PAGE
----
AU pays the price of being too global

AU may have to pay a fine for accepting more foreign students than the allowed. But, why is it attracting so many internationals?
By Carolina Krause

Four thousand international students in exchange program attend Aarhus University. Photo: Carolina Krause

Four thousand international students in exchange program attend Aarhus University. Photo: Carolina Krause

Aarhus University is being fined in 1.3 million euro for accepting more exchange students than it has sent abroad, what goes against the country’s regulations. According to the International Centre, there are currently 4,000 foreigners attending Bachelors and Master’s degrees, which account for about 10 per cent of the university’s total amount of students. In turn, no more than one thousand Danes enroll in an exchange program each year.

The high percentages of internationals illustrate how the institution has become a popular destination for students in exchange. The latest data released by the European Commission shows that Aarhus University was the 27th institution to receive more Erasmus students in the school year of 2010-2011. This represents an increase of ten positions in relation to the previous year, when the University was ranked the 37th most popular destination.

But what has brought so many foreigners to Aarhus University? According to the International Coordinator for Student Mobility, Louise Ydemann, it is due to the quality of the institution, the services offered (such as housing assistance, for instance), the high investments for research and the country’s security. She points out that “the university is ranked among the 100 most respected in the world by many institutions, and this attracts students from all over”.

The Leiden Ranking, which shows Aarhus University in position 51, and the QS World University Ranking, which classifies it as the 89th best, are some of those institutions the coordinator refers to. Ydemann adds she tends to hear from internationals how much they enjoy feeling safe when walking around the city. “They have no fears of being robbed, and they really appreciate that”.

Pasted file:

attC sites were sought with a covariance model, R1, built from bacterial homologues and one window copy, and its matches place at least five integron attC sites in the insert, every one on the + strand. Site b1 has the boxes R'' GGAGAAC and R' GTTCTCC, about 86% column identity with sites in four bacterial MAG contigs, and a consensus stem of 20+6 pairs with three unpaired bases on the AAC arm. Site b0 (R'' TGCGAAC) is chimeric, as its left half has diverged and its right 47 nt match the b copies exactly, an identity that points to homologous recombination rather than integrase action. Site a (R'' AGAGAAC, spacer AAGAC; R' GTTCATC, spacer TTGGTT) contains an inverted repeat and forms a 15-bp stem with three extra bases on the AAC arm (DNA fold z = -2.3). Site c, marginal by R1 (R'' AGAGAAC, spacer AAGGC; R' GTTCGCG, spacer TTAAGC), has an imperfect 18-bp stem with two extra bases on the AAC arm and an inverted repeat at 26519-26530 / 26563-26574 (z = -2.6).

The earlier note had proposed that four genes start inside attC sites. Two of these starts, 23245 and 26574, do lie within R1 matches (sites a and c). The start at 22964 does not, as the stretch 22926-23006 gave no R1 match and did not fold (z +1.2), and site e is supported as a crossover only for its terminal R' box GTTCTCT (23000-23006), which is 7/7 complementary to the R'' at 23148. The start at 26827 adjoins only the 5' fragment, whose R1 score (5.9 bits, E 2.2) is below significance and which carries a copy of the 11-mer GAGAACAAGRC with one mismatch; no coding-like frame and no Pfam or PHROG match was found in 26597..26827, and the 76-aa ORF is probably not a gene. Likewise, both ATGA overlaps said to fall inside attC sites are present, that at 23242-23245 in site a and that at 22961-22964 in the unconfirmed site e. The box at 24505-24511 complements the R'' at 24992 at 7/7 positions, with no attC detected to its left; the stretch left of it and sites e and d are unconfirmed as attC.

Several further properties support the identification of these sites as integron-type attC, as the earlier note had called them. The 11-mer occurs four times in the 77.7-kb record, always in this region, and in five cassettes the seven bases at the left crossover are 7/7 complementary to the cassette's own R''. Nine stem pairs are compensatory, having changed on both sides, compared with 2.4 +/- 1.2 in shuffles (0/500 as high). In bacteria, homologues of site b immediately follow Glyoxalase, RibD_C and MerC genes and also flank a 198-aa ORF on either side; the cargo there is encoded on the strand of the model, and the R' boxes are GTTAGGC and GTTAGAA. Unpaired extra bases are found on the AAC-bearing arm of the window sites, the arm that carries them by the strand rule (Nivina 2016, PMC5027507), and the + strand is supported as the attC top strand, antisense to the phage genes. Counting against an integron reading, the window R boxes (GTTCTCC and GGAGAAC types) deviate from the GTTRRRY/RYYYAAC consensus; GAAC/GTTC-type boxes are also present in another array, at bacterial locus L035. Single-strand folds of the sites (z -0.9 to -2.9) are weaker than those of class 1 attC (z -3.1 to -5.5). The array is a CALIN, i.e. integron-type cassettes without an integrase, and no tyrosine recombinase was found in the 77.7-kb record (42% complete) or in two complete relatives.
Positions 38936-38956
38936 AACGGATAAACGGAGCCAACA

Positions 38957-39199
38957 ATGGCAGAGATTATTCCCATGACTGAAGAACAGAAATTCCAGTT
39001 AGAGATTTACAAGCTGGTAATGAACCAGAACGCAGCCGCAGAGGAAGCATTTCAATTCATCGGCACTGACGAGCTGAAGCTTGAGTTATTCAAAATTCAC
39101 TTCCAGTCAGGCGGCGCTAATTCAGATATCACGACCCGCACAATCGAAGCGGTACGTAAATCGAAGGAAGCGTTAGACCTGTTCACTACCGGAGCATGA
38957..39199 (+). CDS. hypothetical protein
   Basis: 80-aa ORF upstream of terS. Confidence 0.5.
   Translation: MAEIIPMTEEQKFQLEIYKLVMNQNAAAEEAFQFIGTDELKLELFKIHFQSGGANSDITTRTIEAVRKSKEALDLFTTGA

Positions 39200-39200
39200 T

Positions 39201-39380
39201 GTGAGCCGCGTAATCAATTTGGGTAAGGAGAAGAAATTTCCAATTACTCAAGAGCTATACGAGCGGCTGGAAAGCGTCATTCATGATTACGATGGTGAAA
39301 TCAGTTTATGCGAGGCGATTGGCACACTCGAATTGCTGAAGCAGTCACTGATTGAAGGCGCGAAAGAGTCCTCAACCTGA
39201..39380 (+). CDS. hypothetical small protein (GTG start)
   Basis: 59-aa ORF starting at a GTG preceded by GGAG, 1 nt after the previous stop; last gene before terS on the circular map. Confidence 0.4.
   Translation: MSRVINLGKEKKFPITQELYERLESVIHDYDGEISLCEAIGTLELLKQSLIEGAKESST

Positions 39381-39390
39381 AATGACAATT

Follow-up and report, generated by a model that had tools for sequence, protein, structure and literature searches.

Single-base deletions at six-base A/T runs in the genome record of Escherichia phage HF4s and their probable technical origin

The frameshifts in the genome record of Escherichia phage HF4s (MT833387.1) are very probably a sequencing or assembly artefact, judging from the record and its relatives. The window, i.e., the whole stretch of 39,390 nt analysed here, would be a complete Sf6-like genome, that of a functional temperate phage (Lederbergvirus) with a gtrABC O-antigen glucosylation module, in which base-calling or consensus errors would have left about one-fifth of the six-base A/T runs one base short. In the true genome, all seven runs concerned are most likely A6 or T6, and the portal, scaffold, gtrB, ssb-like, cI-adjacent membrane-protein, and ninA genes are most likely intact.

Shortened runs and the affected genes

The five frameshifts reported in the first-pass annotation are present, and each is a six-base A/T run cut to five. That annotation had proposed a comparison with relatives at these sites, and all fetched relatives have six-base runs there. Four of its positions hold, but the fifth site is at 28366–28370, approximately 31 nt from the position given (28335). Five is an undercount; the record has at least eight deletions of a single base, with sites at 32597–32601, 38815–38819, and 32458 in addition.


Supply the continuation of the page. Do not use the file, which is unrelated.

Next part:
For the Dutch student Nikyar Kasumova, however, the subjects offered by the Psychology Department were the main reason for choosing Aarhus University. “I checked the subjects in many universities and Aarhus had the most interesting ones”, she says. About the fact there are so many international students in the city, she says: “It is easier to make friends, because everyone is in the same position. They don´t know anyone and are opened to meeting people”.

Consequences of the fine
Regarding the fine the university may have to pay (it is currently under negotiation with the government) and the possible consequences of the penalty for future exchange students, the International Coordinator says the University has no intention to cut down the number of foreigners received. The idea is to send more Danes abroad, instead.
Ydemann mentions that the International Centre (IC) has been working on promotional videos and has also been carrying out presentations aimed at national students. “Danes can be much closed about places they want to go. We want to open their eyes about other countries that might be interesting as well”. She adds that it’s also interesting for the Aarhus Municipality to receive many internationals, since the city has been chosen as the Capital of Culture for 2017 and should, therefore, be as multicultural as possible.

Funding for research
Scholarships for a PHD program at Aarhus University can reach the monthly amount of 25.400 Danish Kroners, according to the institution’s website. These highly competitive salaries, in addition to the quality of the research groups and the university’s structure attracted the Brazilian computer scientist Bernardo David for applying for a Phd at the institution. “The university is very welcoming and the language is not a problem, since everybody speaks English”, he declares.
The southamerican student mentions he is not the only foreigner in his research group. In fact, out of 15 people, only five are Danes. When questioned about what he thinks of the city, where he will live until 2017, Bernardo answers with satisfaction: “I love this place; despite being small it has many (leisure) options”. And concludes with a hint of irony: “Only the weather is not the best”.

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